Regulation of Choroidal Blood Flow During Combined Changes in Intraocular Pressure and Arterial Blood Pressure
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Autoregulation is the ability of a vascular bed to maintain blood flow despite changes in perfusion pressure. For a long time it had been assumed that the choroid is a strictly passive vascular bed, which shows no autoregulation. However, recently several groups have identified some autoregulatory capacity of the choroid. Choroidal autoregulation was first shown in a rabbit model where intraocular pressure (IOP) and arterial blood pressure could be varied independently. In these experiments regulation of choroidal blood flow was not only dependent on ocular perfusion pressure, but was also dependent on the value of IOP. This indicates that a myogenic mechanism contributes to choroidal autoregulation, because the regulatory capacity is dependent on the transmural pressure. In the model of myogenic autoregulation arterioles change their vascular tone depending on the pressure inside the vessel and outside the vessel. The present experiments are designed to test whether a myogenic mechanism may also be involved in choroidal autoregulation in humans. For this purpose the investigators perform experiments during which the IOP and the arterial blood pressure is increased. According to the myogenic theory of autoregulation one would expect stronger vasoconstriction at lower IOPs for the same increase in ocular perfusion pressure.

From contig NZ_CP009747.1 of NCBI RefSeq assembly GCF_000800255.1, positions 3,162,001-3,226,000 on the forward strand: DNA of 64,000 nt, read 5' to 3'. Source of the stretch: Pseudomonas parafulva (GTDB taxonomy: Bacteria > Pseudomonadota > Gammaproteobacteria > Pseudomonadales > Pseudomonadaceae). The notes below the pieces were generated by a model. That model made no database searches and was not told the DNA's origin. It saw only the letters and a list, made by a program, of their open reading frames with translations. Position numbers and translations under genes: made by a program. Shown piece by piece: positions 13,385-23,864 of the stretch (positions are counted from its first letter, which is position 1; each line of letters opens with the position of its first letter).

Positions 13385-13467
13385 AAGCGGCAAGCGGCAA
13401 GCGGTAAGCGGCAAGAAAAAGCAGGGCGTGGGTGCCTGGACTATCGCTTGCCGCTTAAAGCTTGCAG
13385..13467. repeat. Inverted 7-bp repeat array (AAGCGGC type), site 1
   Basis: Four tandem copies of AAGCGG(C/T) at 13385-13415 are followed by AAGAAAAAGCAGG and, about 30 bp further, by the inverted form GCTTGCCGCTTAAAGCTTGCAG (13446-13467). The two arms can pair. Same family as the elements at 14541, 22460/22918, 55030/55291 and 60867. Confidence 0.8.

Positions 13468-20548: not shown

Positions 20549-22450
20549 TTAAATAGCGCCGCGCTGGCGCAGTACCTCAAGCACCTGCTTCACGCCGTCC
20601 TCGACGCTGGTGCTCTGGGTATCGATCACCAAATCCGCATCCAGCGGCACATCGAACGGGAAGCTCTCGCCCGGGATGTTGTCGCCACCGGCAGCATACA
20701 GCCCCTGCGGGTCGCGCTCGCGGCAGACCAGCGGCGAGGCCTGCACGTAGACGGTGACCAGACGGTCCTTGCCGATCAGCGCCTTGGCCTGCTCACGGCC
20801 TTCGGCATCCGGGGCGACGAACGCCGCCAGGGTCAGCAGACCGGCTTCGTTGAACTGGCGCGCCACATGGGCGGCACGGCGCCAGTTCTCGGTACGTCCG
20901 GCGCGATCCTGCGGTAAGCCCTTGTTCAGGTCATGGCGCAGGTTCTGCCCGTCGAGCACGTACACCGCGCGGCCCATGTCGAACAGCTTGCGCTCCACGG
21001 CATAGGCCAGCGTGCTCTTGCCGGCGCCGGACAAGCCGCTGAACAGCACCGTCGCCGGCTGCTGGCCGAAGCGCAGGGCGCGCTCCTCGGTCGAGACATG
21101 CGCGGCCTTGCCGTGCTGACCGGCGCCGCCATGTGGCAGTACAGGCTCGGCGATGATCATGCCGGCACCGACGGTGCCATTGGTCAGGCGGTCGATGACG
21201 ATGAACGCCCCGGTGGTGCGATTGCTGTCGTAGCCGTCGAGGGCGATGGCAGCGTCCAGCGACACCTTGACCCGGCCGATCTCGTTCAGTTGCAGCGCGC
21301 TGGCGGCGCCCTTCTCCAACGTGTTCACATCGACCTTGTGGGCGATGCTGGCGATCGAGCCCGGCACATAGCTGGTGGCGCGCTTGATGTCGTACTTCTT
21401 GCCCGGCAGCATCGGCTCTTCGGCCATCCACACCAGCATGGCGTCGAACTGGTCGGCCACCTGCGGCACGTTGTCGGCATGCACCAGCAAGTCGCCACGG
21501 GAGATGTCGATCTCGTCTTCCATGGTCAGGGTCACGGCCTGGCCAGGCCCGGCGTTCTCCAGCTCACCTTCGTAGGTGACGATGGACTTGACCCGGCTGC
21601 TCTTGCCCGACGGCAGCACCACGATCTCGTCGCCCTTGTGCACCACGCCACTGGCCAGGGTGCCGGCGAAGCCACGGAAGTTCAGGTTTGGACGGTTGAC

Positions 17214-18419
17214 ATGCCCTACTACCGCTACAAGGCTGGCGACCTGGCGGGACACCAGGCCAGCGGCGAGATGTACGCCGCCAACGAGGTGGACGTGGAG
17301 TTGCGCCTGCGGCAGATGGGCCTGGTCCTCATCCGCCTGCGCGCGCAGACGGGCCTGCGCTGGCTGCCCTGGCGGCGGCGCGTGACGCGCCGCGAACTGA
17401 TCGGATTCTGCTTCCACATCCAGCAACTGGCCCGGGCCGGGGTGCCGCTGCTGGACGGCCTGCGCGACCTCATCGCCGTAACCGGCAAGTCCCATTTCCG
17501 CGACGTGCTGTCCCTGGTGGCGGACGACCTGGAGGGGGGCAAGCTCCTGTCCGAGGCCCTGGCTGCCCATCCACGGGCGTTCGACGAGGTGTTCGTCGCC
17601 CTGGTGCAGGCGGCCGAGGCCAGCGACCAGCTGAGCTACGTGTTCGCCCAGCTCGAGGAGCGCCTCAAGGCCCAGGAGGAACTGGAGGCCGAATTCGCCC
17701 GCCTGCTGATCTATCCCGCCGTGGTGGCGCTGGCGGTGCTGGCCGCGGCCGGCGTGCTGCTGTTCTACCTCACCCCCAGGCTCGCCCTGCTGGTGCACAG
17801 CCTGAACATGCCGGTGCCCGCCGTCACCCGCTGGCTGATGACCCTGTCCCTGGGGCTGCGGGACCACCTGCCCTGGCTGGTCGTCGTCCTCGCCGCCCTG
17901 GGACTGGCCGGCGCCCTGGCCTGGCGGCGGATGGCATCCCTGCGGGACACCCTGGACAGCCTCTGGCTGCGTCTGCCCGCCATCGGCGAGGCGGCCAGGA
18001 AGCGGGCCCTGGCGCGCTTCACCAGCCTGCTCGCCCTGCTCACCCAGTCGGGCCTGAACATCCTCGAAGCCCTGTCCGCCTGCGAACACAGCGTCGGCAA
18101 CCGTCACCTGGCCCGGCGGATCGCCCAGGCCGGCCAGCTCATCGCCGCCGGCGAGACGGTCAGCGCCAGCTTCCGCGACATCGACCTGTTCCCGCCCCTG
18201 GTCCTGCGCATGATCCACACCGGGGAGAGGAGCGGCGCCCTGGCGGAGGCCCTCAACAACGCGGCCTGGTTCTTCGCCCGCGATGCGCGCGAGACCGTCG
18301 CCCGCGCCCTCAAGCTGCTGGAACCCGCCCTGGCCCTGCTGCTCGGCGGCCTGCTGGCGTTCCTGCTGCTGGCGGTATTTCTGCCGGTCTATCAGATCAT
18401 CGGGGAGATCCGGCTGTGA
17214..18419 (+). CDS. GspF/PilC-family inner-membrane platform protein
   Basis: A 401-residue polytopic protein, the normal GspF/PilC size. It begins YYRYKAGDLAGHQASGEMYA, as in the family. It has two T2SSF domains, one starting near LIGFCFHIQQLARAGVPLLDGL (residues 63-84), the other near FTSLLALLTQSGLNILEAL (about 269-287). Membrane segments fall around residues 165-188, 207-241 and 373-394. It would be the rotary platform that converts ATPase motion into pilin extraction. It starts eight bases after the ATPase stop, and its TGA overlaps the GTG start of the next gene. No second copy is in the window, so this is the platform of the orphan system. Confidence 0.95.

Condition or disease
Procedure: Suction cup applicationProcedure: Squatting
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Ages Eligible for Study:
19 Years to 35 Years (Adult)
Sexes Eligible for Study:
Accepts Healthy Volunteers:
Men aged between 19 and 35 years, nonsmokers
Body mass index between 15th and 85th percentile
Normal findings in the medical history and physical examination unless the investigator considers an abnormality to be clinically irrelevant
Normal ophthalmic findings, ametropia < 1 Dpt.
Regular use of medication, abuse of alcoholic beverages, participation in a clinical trial in the 3 weeks preceding the study
Treatment in the previous 3 weeks with any drug
Symptoms of a clinically relevant illness in the 3 weeks before the first study day
Blood donation during the previous 3 weeks
Presence of intraocular pathology: ocular hypertension, glaucoma, retinal vasculopathy or other retinal diseases